The Python workshop was geared to basic beginners which made it easy to follow along. The presenters were very helpful in assisting us in downloading the program and setting it up. Some of us had issues during the set-up process and were guided to a breakout room for individual help. Once done, we were given an introduction to the interface and some basic language prompts. Several of the prompts introduced were the comment prompt (#) to make a comment without executing an operation, print, which shows the item in question. There were several others. When I asked how this would be used for a project, I was asked to wait until the next session to get the answer.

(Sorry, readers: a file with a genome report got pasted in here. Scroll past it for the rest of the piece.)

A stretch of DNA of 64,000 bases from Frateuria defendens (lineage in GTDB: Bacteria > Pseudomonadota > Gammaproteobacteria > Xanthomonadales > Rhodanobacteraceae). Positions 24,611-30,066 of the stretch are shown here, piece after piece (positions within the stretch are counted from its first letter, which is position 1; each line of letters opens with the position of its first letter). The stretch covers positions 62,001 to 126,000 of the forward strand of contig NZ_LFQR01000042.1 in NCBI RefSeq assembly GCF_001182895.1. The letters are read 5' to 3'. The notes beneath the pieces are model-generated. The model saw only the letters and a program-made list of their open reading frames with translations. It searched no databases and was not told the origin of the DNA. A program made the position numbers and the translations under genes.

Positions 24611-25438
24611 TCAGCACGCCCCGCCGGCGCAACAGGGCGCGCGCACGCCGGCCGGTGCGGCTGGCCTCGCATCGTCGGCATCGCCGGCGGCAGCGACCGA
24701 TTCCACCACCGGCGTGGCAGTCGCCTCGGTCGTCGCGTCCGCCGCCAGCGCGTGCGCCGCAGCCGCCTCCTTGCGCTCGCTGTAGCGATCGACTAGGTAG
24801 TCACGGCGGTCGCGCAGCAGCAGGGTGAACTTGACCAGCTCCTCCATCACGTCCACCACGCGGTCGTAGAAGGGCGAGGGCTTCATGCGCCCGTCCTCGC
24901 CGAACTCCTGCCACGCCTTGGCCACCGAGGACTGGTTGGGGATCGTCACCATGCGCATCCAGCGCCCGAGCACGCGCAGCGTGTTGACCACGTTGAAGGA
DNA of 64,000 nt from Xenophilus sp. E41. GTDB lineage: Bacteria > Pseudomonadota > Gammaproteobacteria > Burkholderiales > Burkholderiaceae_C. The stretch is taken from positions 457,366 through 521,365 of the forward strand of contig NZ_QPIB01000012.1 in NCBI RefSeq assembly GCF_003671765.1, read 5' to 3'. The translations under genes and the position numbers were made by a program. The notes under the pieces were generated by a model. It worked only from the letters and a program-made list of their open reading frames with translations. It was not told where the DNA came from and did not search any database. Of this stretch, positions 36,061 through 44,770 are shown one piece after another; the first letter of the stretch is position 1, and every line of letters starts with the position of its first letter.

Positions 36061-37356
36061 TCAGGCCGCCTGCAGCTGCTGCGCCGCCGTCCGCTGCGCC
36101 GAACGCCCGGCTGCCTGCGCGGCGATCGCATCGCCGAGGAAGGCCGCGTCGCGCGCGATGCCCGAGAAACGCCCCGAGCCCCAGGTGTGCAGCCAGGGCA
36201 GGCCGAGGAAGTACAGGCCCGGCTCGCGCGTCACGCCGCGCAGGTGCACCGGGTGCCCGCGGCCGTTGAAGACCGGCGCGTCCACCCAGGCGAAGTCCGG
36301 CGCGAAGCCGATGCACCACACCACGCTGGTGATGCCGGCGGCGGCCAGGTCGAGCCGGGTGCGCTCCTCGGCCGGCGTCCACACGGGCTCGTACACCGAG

The R workshop was pretty much similar in that it was geared for basic beginners and it was pretty easy to follow. However, the presenter started the presentation with finished projects, which gave an end point to focus on as an example. Again, we learned the interface and basic operations. However, with this workshop we downloaded data from the UN and worked on it, which helped solidify the concepts. Getting my hands wet so to speak made the learning stick more.
After attending both workshops, I’ve noted several slight differences. (Please keep in mind I’m an absolute beginner.)
Python seems to be the one to go to for big data analysis.
R seems to be the one to go for visualization.
Python seems a bit easier.
R seems to have a bit of a higher learning curve.
As to the debate, Python vs R?
Answer- Python & R